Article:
This Pride Month, the Central Conference of American Rabbis is lifting up an important community within the Reform rabbinate: the groundbreaking LGTBQ+ rabbis who were amongst the first rabbis to express themselves openly, who paved the way—and often fought for—LGBTQ+ acceptance and inclusion in the Reform rabbinate and in the Jewish community.
Generations of LGBTQ+ Jews have lived closeted lives because of outright discrimination and more subtle forms of bias and rejection that have dominated much of Jewish history, including the history of our Reform Movement and the CCAR itself. We are committed to continuing to learn how to rectify the erasures of the past and to embrace all of our colleagues.
While the Reform Movement has advocated for LGBTQ+ inclusion for decades, for many queer rabbis, the personal experience of navigating sexuality in rabbinical school, or being the first out rabbi at a synagogue, in an organization, or even in their city or community, was a fraught, sometimes painful experience, often marked with judgment, shame, or even overt discrimination.
We share these moments of truth, and we also share important moments of joy and hard-won milestones. We honor the experiences of queer Reform rabbis, their meaningful contributions, and above all else, we thank them for showing up as their authentic selves and bringing diversity and wholeness to the rabbinate and to their communities.
“Neitzei hasadeh—Let us go forth and let our message ring out, that God loves us all, that we love us all, and that love conquers all.” [Based on Song of Songs 7:12]
Although I had begun the coming-out process in my senior year of high school (1964), for all intents and purposes, I remained essentially closeted until four years after ordination in 1978. This meant applying to seminary under false pretenses because being truthful about being gay would have meant not being admitted to the school.
There was no support system of any kind throughout this time, and although I was not consciously thinking about it all the time, in the back of my mind there was always the fear of discovery and the stress and pressure of evolving into the persona of a rabbi while at the same time living a lie.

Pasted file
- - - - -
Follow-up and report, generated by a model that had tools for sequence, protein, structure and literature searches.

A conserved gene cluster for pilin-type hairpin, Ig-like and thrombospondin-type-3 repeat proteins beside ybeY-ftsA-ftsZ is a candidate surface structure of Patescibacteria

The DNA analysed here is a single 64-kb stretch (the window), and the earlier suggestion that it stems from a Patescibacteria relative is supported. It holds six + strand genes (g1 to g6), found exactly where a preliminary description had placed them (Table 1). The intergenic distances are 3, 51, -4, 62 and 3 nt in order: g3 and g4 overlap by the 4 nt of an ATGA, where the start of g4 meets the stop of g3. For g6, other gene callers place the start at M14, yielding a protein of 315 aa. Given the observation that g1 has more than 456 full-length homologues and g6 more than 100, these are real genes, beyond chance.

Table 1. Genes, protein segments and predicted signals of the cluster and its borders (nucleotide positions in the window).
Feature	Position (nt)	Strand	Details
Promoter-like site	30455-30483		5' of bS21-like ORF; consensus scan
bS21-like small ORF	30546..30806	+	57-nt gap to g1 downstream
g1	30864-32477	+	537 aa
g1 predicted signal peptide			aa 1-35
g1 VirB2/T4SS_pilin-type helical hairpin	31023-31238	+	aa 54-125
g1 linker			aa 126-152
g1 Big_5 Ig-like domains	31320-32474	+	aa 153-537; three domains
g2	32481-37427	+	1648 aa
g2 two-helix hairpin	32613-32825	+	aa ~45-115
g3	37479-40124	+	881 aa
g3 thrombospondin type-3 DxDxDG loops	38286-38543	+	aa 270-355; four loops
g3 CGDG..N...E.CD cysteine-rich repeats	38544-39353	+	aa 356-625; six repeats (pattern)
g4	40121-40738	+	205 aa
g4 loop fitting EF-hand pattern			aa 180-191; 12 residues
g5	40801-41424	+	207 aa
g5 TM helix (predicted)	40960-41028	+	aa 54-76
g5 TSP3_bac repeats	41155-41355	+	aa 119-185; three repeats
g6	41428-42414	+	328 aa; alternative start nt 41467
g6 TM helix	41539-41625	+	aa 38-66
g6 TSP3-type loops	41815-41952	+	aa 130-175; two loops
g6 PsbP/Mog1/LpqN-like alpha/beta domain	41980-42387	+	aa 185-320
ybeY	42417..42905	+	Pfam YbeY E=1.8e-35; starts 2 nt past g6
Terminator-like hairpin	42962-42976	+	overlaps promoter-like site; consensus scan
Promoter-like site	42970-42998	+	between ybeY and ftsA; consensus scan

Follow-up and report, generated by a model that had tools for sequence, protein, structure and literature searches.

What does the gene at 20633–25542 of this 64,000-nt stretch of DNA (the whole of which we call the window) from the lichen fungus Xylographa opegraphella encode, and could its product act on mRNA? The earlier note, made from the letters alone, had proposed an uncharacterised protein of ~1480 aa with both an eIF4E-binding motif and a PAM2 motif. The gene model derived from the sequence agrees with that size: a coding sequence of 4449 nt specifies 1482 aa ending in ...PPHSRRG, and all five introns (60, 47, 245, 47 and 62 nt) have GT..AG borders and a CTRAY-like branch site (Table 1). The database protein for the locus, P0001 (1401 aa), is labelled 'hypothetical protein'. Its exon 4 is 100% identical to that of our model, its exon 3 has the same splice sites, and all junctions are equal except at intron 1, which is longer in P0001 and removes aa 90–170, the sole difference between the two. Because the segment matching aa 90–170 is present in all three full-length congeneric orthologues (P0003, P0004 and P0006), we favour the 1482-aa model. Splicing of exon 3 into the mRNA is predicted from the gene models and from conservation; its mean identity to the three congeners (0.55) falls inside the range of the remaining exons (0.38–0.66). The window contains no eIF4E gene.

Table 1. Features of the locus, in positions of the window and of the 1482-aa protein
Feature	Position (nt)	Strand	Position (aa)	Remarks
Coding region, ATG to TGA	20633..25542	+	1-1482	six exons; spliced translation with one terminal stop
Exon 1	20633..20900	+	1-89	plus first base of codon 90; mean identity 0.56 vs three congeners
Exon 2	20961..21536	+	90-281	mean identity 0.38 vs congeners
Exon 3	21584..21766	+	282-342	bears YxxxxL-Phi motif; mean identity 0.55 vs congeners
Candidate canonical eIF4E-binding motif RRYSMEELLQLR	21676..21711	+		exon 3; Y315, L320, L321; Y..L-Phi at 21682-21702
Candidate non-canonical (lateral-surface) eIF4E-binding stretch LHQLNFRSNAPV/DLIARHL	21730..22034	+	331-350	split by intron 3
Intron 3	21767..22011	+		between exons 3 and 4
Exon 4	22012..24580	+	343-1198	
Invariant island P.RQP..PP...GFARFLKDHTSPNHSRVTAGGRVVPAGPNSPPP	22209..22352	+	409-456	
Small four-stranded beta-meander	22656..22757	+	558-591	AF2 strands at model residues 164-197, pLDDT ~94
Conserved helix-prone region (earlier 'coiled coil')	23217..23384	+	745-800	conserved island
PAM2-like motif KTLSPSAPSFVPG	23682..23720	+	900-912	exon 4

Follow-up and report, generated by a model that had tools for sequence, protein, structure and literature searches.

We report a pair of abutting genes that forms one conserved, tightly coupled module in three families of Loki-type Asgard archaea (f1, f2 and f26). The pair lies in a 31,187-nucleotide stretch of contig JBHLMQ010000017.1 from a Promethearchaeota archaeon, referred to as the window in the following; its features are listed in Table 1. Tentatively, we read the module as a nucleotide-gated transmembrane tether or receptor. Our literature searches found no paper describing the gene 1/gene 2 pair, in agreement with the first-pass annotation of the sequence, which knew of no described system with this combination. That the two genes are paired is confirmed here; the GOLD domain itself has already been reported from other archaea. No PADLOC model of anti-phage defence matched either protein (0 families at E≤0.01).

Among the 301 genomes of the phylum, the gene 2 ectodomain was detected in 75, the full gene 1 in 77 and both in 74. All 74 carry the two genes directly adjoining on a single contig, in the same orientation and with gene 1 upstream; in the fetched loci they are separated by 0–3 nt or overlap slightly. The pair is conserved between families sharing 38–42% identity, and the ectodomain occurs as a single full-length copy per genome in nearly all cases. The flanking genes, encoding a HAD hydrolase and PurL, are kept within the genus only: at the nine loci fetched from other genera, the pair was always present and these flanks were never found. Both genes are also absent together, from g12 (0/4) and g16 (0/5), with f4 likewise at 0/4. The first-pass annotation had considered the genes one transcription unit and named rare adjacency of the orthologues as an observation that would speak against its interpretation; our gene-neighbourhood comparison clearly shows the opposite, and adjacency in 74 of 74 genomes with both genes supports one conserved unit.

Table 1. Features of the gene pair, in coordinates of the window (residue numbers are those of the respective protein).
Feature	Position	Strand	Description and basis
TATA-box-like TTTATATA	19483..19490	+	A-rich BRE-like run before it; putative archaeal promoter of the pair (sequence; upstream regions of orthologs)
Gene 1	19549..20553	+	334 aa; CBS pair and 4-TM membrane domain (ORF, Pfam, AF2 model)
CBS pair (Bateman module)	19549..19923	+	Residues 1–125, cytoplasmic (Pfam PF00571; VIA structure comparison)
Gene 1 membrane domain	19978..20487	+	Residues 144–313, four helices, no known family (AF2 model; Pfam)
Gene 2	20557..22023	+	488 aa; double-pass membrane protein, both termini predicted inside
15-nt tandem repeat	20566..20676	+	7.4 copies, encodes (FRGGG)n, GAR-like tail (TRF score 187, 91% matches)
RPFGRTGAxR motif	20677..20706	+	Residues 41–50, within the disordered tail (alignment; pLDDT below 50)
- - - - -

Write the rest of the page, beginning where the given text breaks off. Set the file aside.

I was the first openly gay rabbi, at least in the U.S. As one might expect, the organized Jewish community was not receptive to the news of my coming out. While it was never stated directly, it was strongly implied that it would be nigh impossible to find a (congregational) job if people knew that I was gay. Fortunately, I had never wanted to work in congregational life, so my job search took me in different directions, e.g., hospital chaplaincy, that was much more to my liking. As it turned out, the chaplaincy job was only part-time, and to make a full-time living, I ended up becoming the rabbi of the small congregation in the community, but did not disclose my gayness, and thus avoided the challenge that my being out would have posed.
By the time I left that position, I had decided to enter academia and was able to avoid the issues that would have been associated at that point in time with congregational work.
One of the hardest things about being a/the first gay rabbi was that in the minds of the people I encountered, I was perceived as gay first and a rabbi second. That was the wrong order of things, and it was an unnecessary burden. Also, there were no peers, there was no support system of any kind, extremely few colleagues to whom I could speak about my personal life, and this resulted in my living a pretty lonely existence for a good part of this time.
One of the biggest rewards since coming out was that I was free of the burden of deceit, lies, and duplicity. That freedom meant that I could be a role model, a “symbolic exemplar,” and not experience ongoing guilt about being inauthentic. It meant that I could use my own experience to help inform other LGBTQIA+ clergy about the differences between being out, honest, and free, and being closeted, dishonest (with oneself and others), and restricted.
I would not wish coming out the way I did on anyone. The world seemed completely unready to accept LGBTQIA+ clergy in the 1960s and 1970s, and even now there continue to be risks associated with our authenticity and honesty. Yet despite the risks, I look back with some disbelief at how far we have come, while understanding that we still have so far to go to achieve the unconditional acceptance that we all deserve. For the most part things have changed for the better with non-Orthodox Jewish seminaries accepting, admitting, and ordaining LGBTQIA+ students. Today same-sex marriage is accepted law throughout the land, something many of us in my generation thought we would never live to see. And we have created liturgies and rituals to sanctify these relationships, thus expanding the welcome of our communities in ways many of us never experienced in our early years.
Whatever one’s gender identity or orientation, it is extremely challenging to be a rabbi, cantor, educator, etc., in these times, perhaps even more so than in my generation. Fortunately, in most cases today being LGBTQIA+ is not a major risk factor in our professional lives. For better or for worse, our real challenge is to find ways to keep Judaism and Jewish community relevant to those who are or wish to be Jewish. And our own individual identity is only one part of the totality we bring to our work.
Rabbi Allen Bennett was ordained in 1974.